For its fall benefit this Thursday, the Friends of the Dallas Public Library hosts An Evening with Billy Collins. The night's headliner is a literary giant, whom The New York Times dubbed "the most popular poet in America." From 2001-2003, Collins served as the United States' Poet Laureate, who functions as the nation's official poet -- a position appointed by the Library of Congress. The Thursday night event is sold out, but we've compiled a list of a few reasons you should care about his visit to Dallas.
His "Poetry 180" project If you attended a public high school from 2001-2003, your life was better because of Billy Collins. During his term as laureate, he distributed one poem per day to all American high schools. If you were too cool for these poems back then, or you were homeschooled, all of these poems are published in two anthologies titled Poetry 180. Thanks to the government, you can read them online for free, or your mom can buy them for you at Barnes & Noble.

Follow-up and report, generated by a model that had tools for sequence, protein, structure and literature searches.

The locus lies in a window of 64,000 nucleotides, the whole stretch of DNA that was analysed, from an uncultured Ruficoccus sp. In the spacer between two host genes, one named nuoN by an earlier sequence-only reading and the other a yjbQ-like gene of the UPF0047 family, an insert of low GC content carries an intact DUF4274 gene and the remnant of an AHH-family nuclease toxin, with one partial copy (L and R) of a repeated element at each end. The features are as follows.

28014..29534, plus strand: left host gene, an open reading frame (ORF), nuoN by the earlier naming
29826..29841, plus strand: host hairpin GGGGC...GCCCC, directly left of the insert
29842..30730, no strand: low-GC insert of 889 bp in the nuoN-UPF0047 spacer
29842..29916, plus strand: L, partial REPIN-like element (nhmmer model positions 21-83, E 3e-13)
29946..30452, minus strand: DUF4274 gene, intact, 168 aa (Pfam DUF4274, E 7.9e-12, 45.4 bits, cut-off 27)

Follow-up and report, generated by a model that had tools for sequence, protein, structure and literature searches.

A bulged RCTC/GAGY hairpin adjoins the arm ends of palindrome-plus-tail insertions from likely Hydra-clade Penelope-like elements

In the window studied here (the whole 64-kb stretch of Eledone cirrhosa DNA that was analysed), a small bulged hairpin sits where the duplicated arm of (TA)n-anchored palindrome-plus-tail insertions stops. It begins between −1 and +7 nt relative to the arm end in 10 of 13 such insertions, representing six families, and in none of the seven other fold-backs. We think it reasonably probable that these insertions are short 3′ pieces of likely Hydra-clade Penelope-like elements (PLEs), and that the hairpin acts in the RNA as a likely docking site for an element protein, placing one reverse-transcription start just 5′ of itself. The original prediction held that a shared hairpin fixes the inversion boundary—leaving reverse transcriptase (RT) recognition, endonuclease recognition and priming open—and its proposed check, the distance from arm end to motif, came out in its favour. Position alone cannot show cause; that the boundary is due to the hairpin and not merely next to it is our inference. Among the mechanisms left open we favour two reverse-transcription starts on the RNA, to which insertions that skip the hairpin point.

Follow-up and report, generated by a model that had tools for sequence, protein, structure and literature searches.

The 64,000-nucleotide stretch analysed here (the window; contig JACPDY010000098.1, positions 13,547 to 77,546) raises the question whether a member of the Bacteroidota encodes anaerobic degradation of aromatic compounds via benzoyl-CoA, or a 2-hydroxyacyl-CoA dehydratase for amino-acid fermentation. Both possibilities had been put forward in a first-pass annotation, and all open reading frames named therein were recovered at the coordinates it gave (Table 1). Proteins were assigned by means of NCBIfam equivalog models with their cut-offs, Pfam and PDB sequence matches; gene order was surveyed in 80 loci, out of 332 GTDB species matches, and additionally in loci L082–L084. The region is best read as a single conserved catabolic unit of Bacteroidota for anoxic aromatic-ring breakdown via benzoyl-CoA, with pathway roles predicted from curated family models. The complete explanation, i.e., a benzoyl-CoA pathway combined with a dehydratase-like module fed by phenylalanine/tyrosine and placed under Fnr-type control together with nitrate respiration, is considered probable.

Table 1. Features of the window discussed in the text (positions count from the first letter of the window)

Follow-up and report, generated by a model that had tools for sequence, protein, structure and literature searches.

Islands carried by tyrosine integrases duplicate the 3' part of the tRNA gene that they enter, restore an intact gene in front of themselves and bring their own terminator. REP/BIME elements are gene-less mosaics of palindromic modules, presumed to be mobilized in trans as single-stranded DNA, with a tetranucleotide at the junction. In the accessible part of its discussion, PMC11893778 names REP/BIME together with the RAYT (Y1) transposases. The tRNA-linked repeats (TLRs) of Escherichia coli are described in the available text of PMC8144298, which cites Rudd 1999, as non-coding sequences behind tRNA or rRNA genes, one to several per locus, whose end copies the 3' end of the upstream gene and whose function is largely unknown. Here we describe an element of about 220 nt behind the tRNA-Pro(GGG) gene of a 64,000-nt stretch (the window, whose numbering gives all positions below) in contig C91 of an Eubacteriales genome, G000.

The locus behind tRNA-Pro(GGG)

His 9/11 Poem will break your heart He was serving as America's poet during one of the nation's greatest tragedies and the Librarian of Congress requested he write a poem in memoriam. He read The Names a year later on September 6, 2002, at special joint session of Congress to honor of the victims. He's only read it aloud twice and refuses to publish it in his book, because he doesn't believe in capitalizing on the attacks. You can read it here.
A YouTube video of a 3-year-old reciting Collins' poem "Litany" went viral This speaks to the accessibility of his poems for readers of all ages ... or it's just stupid cute. Watch it here.
He might be the most financially successful poet, ever The next time someone tells you poets can't make six figures, point to Billy Collins. In the late '90s, he received a six-figure advance for a three-book deal.
He understands "The Trouble with Poetry" In fact, he wrote a poem about it. But he doesn't write in flowery language or rhyming couplets, he writes in language real people use and tells stories that lead to stunning conclusions. In his poem "The Trouble with Poetry," he says the problem is that writing poetry just makes you want to write more.